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Wednesday, October 10, 2007

An Appalachian Moans On An Ohio Campus: Bland Midwest Stifles My Unique Accent

KENT, Ohio (TDB) -- Daily Kent Stater columnist Doug Hite writes that his "vivid" Appalachian accent bestowed by the mountains of southwestern Virginia has been sabotaged by living in Ohio. Hite says he now talks like a flatlander. He seems to think that spoken English in the Buckeye State is as bland as a pot of vegetables with all the vitamins steamed out.

The junior English major resents Ohio's emphasis on speaking standardly without a hint of twang or colorful expression. Without mentioning the dreaded H-word (hil-bil--), Hite says Ohioans see a drawl as a sign of being backwards, or poor, or culturally inept.

"I once has a beautiful Appalachian dialect filled with y'alls, fur pieces and a unique syntax much more vivid and expressive than any other form of English I have heard. But that is now as distant to me as the mountains I grew up in the shadows of.

"How did you kill it? Through every depiction of a Southern drawl your 'standard' English has portrayed. My accent, through years of stereotypes spread by humor and the media, has been equated with ignorance and primitivism. This has been done by speakers of 'standard' English in a vain and often subconscious attempt to assert their way of life, their dialect and their regional home as greater and more advanced than that of other areas."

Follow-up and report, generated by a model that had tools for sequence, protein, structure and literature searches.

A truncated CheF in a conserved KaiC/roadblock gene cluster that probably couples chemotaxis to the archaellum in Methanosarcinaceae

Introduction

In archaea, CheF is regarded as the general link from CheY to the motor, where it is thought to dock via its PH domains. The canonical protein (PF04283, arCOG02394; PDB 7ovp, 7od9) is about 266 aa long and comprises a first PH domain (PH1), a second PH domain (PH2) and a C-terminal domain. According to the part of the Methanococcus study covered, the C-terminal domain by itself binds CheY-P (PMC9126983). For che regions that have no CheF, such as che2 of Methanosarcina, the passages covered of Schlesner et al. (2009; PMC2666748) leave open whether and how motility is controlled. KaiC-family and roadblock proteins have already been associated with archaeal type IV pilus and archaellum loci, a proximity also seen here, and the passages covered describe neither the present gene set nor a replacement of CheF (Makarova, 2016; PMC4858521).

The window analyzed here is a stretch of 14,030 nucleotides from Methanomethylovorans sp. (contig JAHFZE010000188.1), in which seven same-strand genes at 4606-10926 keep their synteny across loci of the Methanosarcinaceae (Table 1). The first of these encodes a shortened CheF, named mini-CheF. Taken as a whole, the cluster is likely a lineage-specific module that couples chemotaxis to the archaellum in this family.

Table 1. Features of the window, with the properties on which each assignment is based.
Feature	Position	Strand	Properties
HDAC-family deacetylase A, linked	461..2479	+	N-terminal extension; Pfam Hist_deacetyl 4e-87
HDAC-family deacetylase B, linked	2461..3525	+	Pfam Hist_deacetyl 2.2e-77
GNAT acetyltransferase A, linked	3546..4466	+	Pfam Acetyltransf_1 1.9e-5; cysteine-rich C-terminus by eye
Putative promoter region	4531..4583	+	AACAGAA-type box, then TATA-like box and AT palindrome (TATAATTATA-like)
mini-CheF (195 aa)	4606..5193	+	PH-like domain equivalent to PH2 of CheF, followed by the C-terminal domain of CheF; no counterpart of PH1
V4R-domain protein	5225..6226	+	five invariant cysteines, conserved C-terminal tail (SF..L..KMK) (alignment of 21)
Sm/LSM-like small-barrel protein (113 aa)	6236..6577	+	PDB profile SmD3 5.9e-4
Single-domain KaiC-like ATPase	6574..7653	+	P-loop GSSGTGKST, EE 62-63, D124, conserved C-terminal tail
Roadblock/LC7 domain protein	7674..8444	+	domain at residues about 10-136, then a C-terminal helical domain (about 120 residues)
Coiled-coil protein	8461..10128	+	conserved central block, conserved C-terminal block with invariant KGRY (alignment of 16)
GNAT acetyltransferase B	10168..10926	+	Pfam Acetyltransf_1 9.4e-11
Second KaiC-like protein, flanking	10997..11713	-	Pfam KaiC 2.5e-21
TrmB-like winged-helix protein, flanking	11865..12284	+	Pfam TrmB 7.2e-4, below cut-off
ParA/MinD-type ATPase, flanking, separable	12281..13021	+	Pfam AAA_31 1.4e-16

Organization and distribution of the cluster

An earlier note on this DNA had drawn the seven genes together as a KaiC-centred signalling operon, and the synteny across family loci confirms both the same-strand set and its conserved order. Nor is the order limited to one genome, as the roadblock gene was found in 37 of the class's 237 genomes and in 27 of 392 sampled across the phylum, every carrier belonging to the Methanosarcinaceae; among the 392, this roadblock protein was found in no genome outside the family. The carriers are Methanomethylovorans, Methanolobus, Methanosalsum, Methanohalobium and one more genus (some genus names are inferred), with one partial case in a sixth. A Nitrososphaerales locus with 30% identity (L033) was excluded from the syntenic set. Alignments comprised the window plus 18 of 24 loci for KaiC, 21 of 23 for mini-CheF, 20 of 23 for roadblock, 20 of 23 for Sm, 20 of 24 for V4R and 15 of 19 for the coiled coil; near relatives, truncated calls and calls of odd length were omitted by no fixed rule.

1 comment:

  1. Unfortunately Bill, Hite's right.

    Mine's soft, escaping only in certain phrasings and words and my wife is the only person who nags me on it.

    But I know of others, from parts of the country with stronger accents and more unique dialects, who've been skewered by Ohioans for how they speak.

    And when I moved here, I was conscious of killing it myself rather quickly.

    Short story: last Saturday I was at a school festival talking with a group of friends as the children ran circles crazed on sugar and the promise of winning prizes. A smart, educated, successful consultant type lady finished a harangue by asking, "Do they want to live in Appalachian?".

    Aside from mispronouncing it, her sarcasm and superiority were blatant. So I said:

    I do recall the Governor being from that way...